43 Judge and vindicate me, O God; plead my case against an ungodly nation. O rescue me from the deceitful and unjust man! 2 For You are the God of my strength [my stronghold—in whom I take refuge]; why have You rejected me? Why do I go mourning because of the oppression of the enemy?
3 O send out Your light and Your truth, let them lead me; Let them bring me to Your holy hill And to Your dwelling places. 4 Then I will go to the altar of God, To God, my exceeding joy; With the lyre I will praise You, O God, my God!
5 Why are you in despair, O my soul? And why are you restless and disturbed within me? Hope in God and wait expectantly for Him, for I shall again praise Him, The [a]help of my [sad] countenance and my God.
Former Times of Help and Present Troubles.
To the Chief Musician. A Psalm of the sons of Korah. A skillful song, or a didactic or reflective poem.
44 We have heard with our ears, O God, Our fathers have told us The work You did in their days, In the days of old. 2 You drove out the [pagan] nations with Your own hand; Then you planted and established them (Israel); [It was by Your power that] You uprooted the [pagan] peoples, Then You spread them abroad. 3 For our fathers did not possess the land [of Canaan] by their own sword, Nor did their own arm save them, But Your right hand and Your arm and the light of Your presence, Because You favored and delighted in them.
4 You are my King, O God; Command victories and deliverance for Jacob (Israel). 5 Through You we will gore our enemies [like a bull]; Through Your name we will trample down those who rise up against us. 6 For I will not trust in my bow, Nor will my sword save me. 7 But You have saved us from our enemies, And You have put them to shame and humiliated those who hate us. 8 In God we have boasted all the day long, And we will praise and give thanks to Your name forever. Selah.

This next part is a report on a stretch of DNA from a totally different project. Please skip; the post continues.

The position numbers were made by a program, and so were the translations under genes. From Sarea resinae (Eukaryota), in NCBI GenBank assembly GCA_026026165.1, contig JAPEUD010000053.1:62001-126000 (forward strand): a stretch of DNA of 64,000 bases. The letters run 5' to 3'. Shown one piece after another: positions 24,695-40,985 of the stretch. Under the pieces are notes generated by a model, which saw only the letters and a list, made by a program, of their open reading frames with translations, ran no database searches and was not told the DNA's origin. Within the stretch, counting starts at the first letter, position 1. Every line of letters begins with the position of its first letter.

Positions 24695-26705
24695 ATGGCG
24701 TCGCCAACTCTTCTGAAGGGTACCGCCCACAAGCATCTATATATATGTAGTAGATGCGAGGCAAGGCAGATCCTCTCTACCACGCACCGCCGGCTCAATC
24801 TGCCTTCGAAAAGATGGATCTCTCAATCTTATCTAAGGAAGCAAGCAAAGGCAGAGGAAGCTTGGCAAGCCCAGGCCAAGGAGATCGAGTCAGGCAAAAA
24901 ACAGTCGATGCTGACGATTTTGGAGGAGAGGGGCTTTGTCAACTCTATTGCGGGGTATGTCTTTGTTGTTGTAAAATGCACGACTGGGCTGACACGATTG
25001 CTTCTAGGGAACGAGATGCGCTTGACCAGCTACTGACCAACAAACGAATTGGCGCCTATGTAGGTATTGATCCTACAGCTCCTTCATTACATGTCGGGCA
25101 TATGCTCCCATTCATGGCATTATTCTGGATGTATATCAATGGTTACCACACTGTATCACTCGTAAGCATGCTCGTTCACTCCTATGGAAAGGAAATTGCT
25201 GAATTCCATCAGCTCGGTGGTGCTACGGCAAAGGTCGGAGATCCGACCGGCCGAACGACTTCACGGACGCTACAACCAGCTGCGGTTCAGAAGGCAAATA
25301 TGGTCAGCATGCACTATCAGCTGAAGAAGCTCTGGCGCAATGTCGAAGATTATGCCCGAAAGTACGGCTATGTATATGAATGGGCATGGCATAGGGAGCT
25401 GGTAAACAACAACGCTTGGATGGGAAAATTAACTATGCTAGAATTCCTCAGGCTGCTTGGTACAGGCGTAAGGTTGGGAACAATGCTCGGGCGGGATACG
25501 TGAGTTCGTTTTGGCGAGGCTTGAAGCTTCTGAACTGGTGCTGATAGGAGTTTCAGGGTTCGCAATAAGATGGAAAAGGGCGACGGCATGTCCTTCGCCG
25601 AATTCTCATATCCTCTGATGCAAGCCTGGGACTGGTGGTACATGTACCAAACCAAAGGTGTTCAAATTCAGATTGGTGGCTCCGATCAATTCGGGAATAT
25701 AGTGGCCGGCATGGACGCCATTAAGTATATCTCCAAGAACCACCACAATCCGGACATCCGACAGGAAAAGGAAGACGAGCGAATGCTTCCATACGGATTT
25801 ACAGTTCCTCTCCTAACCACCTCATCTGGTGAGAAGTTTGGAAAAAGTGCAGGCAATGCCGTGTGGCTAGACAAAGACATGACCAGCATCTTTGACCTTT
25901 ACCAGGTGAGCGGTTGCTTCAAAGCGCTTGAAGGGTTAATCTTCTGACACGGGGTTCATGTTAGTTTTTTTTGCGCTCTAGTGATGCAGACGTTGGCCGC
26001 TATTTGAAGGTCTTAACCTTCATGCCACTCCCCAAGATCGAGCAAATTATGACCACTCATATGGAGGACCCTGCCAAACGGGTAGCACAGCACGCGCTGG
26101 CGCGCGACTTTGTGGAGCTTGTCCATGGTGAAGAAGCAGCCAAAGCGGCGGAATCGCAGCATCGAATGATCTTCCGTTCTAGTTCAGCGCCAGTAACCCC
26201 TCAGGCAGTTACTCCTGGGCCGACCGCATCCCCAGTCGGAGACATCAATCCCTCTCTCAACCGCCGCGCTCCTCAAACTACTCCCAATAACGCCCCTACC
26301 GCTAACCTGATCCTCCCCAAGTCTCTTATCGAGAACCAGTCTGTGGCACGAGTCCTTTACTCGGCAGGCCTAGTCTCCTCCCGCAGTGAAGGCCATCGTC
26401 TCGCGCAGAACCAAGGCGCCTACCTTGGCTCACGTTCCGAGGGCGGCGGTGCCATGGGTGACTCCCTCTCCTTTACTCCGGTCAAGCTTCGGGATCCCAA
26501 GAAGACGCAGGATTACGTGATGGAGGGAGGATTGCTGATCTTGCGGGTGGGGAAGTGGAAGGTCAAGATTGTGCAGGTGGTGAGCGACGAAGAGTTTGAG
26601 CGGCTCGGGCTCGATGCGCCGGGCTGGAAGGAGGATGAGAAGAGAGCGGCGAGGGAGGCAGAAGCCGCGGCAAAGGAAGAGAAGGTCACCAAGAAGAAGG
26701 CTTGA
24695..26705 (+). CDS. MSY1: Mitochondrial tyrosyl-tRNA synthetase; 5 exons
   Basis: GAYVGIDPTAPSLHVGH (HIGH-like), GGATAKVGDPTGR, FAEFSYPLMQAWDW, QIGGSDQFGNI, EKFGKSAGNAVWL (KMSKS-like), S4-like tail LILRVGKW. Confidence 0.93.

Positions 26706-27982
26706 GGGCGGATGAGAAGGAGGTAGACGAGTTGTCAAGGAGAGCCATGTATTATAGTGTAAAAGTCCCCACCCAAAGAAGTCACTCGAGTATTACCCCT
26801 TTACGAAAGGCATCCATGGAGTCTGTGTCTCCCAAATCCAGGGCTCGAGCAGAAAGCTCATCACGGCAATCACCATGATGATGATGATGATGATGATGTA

9 But now You have rejected us and brought us to dishonor, And You do not go out with our armies [to lead us to victory]. 10 You make us turn back from the enemy, And those who hate us have taken spoil for themselves. 11 You have made us like sheep to be eaten [as mutton] And have scattered us [in exile] among the nations. 12 You sell Your people cheaply, And have not increased Your wealth by their sale. 13 You have made us the reproach and taunt of our neighbors, A scoffing and a derision to those around us. 14 You make us a byword among the nations, A [b]laughingstock among the people. 15 My dishonor is before me all day long, And humiliation has covered my face, 16 Because of the voice of the taunter and reviler, Because of the presence of the enemy and the avenger.
17 All this has come upon us, yet we have not forgotten You, Nor have we been false to Your covenant [which You made with our fathers]. 18 Our heart has not turned back, Nor have our steps wandered from Your path, 19 Yet You have [distressingly] crushed us in the place of jackals And covered us with [the deep darkness of] the shadow of death.
20 If we had forgotten the name of our God Or stretched out our hands to a strange god, 21 Would not God discover this? For He knows the secrets of the heart. 22 [c]But for Your sake we are killed all the day long; We are considered as sheep to be slaughtered. 23 Awake! Why do You sleep, O Lord? Awaken, do not reject us forever. 24 Why do You hide Your face And forget our affliction and our oppression? 25 For our life has melted away into the dust; Our body clings to the ground. 26 Rise up! Come be our help, And ransom us for the sake of Your steadfast love.
A Song Celebrating the King’s Marriage.
To the Chief Musician; set to the [tune of] “Lilies.” A Psalm of the sons of Korah. A skillful song, or a didactic or reflective poem. A Song of Love.